A group of activists in Utah think they’ve found the ultimate weakness of a massive new data center the National Security Agency is building in Utah: water.
While the facility will feature state of the art technology and security measures, at the end of the day, like any other building, the data center will rely on local utilities, and local opponents want to cut it off from the grid. Advocacy groups, which have formed the OffNow coalition, are pushing for state legislation that would cut off utilities to the NSA’s new data center being built in Bluffdale, Utah. The argues that the NSA’s electronic snooping violates the Fourth Amendment, which protects against unwarranted searches and seizures, and proposed state legislation known as the 4th Amendment Protection Act would prevent the local government from supporting the building with local utilities.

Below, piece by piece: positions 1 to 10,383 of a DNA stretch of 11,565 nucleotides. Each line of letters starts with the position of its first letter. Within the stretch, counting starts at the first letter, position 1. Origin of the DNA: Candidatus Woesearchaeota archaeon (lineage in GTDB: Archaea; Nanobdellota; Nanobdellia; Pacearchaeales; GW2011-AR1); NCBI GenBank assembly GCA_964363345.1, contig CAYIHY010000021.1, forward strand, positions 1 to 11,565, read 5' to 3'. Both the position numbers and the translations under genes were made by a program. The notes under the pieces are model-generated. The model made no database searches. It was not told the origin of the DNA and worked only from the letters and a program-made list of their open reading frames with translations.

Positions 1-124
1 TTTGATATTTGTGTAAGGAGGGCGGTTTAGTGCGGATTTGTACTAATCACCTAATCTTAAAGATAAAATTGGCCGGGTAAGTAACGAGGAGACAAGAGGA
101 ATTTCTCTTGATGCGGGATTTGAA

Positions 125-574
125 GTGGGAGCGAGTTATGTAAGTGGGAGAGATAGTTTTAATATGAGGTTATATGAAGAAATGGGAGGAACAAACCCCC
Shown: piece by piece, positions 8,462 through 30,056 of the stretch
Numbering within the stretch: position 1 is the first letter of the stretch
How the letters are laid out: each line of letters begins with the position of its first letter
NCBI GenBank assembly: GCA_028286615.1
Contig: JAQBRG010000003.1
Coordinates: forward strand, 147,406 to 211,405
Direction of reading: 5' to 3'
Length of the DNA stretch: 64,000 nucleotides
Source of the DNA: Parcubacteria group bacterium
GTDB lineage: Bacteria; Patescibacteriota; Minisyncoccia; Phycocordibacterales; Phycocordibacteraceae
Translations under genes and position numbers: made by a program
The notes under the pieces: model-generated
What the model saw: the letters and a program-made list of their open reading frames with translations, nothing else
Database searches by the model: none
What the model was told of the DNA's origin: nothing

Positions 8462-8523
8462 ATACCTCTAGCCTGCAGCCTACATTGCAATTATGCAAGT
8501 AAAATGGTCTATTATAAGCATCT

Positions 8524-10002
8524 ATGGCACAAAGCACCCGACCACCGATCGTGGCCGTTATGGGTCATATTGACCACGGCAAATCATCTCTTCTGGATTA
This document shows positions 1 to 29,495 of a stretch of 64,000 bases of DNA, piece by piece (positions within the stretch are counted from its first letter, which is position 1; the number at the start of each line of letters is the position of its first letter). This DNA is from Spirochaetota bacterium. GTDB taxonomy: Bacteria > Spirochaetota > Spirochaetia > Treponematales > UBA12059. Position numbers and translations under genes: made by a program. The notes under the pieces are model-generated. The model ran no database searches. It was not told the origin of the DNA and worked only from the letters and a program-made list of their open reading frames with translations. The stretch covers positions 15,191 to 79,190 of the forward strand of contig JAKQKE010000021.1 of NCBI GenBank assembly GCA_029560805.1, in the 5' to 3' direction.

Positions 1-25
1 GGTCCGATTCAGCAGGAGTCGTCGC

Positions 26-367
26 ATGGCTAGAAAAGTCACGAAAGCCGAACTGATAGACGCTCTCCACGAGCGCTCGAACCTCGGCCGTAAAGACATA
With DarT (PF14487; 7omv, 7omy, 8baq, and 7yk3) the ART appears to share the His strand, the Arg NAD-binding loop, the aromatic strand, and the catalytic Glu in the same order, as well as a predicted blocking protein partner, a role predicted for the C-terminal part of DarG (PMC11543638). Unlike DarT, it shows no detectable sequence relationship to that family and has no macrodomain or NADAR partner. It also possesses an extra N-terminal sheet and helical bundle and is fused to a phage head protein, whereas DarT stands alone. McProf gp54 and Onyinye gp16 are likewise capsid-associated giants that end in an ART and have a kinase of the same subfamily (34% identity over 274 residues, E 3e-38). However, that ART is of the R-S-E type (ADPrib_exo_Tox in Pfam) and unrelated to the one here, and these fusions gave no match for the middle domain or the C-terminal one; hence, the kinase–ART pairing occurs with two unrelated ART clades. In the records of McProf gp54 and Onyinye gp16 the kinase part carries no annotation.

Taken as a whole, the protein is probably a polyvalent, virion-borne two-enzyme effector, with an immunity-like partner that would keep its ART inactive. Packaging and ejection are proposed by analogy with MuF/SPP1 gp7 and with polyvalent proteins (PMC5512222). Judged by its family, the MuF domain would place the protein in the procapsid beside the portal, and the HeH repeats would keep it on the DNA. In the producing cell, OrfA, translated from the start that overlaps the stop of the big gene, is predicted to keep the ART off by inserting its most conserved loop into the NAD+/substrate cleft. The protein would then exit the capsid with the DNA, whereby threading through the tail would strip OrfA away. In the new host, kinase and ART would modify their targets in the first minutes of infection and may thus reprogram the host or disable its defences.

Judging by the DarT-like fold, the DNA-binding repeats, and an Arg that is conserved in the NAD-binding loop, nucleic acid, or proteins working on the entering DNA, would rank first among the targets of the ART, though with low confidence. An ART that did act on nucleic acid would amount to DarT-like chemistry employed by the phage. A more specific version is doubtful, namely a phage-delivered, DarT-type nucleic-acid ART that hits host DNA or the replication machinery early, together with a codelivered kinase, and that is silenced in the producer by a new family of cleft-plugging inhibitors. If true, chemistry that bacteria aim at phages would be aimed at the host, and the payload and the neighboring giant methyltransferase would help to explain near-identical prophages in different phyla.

“In short, they can turn the water off,” the group says on its website, noting the data center would use 1.7 million gallons of water ever day
The effort is sure to be stymied by federal authorities, but it’s the latest example in states’ rights activists toying with the idea of “nullification” of federal laws. The group is also making its case in a YouTube video advocating for the nullification of some federal laws: